IBPI: Clinical and cost effectiveness of an online integrated bipolar parenting intervention: A randomised controlled trial
Parents with bipolar disorder (BD) find that the mood changes they experience make parenting challenging. They often report high levels of stress and low parenting confidence, while their children’s emotional and behavioural wellbeing is also impacted. Parents with BD often want parenting support but worry they might lose access to their children if they disclose this. Accessible, flexible, and confidential online parenting support is a way to provide this without adding to worries parents already have. Children of parents with BD often have emotional and behavioural problems, which can lead to mental health problems, including BD, as they grow up. Parents need support to help their children flourish, which may also help parents themselves feel better.
The IBPI team at Lancaster University created an online intervention to support parents with BD which was acceptable to parents and helped with both child emotional and behaviour problems and parenting. The IBPI trial aims to fully assess whether an updated version of this intervention is effective and represents value for money.
Parents with BD with a child aged 4-10 years old in the UK will be invited to participate through NHS mental health trusts, mental health charities and social media. 342 parents who agree to take part will be either offered the online intervention, or usual care. Whether the parent receives the intervention or not is decided randomly. Parents will fill in questionnaires about their child, their parenting, their mood and their anxiety when they start the study and at 24 and 48 weeks. Around 30 parents will also take part in an interview to find out how helpful they found the IBPI intervention.
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||NIHR Health Technology Assessment (NIHR131483)
- Professor Steve Jones, Chief Investigator (Lancaster University)
- Lucy Cryle, Trial Manager (Lancaster University)
- Stephanie Fortier, Research Assistant (Lancashire & South Cumbria NHS Foundation Trust)
- Julia Halstead, Administrator (Lancaster University)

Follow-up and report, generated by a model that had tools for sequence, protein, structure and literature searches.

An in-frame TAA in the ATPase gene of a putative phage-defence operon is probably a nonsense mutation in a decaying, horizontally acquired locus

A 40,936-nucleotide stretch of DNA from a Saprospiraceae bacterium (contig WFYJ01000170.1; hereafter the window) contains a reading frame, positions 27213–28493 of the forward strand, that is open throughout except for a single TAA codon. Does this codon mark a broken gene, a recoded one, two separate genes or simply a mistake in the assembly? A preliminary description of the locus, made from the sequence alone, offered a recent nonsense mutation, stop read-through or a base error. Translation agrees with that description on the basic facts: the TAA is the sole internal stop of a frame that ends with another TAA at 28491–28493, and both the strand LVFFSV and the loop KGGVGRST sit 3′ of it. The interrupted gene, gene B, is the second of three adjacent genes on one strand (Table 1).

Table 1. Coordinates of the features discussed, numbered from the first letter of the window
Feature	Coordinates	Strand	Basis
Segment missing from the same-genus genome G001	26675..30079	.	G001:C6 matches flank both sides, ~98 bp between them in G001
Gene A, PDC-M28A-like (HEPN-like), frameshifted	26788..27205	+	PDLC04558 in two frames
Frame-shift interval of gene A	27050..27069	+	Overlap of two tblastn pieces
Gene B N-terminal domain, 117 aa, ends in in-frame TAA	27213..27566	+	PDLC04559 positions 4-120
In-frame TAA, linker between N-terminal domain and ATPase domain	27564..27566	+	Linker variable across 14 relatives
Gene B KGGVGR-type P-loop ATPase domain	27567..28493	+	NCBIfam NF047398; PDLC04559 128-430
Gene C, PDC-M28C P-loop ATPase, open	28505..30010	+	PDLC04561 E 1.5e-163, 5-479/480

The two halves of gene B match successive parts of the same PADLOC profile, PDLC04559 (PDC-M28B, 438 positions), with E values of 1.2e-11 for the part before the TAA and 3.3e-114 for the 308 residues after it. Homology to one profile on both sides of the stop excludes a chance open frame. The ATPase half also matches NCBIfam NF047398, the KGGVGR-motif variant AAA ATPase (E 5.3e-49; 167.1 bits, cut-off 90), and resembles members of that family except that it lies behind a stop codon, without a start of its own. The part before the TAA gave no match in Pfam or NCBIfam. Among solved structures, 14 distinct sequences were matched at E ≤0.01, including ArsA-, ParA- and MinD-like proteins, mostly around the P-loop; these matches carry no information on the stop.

- Christopher Lodge, PPI Lead (Lancaster University)
- Professor Fiona Lobban, Qualitative Lead (Lancaster University)
- Professor Sarah Byford and Nahel Yaziji, Health Economists (Kings College London)
- Professor Richard Morriss, Bipolar Diagnosis Lead (University of Nottingham)
- Professor Cathy Cresswell, Parenting Intervention and Child Evaluation Lead (University of Oxford)
- Dr Chris Sutton, Statistics Lead, University of Manchester
- Dr Jasper Palmier-Claus, Trust Liaison and Implementation Lead (Lancaster University)
- Professor Anne Duffy, Expert in Developmental Risk for Bipolar (Queens University, Canada)
If you would like to talk to someone about your mental health there are many different ways you can access information and support.
- Mind – provides information, training, and support for people with mental health problems and their families: https://www.mind.org.uk/
- Rethink Mental Illness – provides information, training and support for people with mental health problems and their families: https://www.rethink.org/
- Bipolar UK – provides information and support for people with bipolar, including support groups and support lines: https://www.bipolaruk.org/
- Campaign Against Living Miserably – provides online information and telephone/online chat support to people experiencing distress: https://www.thecalmzone.net/
- The Hub of Hope – provides details of mental health support services in your area (UK only): https://hubofhope.co.uk/
- Patient Advice and Liaison Service (PALS) - provide a point of contact for patients, their families and their carers to offer confidential advice, support and information on health-related matters: What is PALS (Patient Advice and Liaison Service)? - NHS (www.nhs.uk)
If you need more urgent help and are already in contact with mental health services, please contact them directly. If you are not in contact with mental health services, the following might be helpful:
- Your usual GP practice
- Your local out of hours GP or Accident and Emergency. Please visit nhs.uk if you’re unsure where to find these services
- If you are unsure of what help you need, call 111 for the NHS telephone advice service
- For someone to talk to over the phone, call Samaritans on 116 123 or email firstname.lastname@example.org
- If you feel there is a serious and immediate risk, please call the emergency services on 999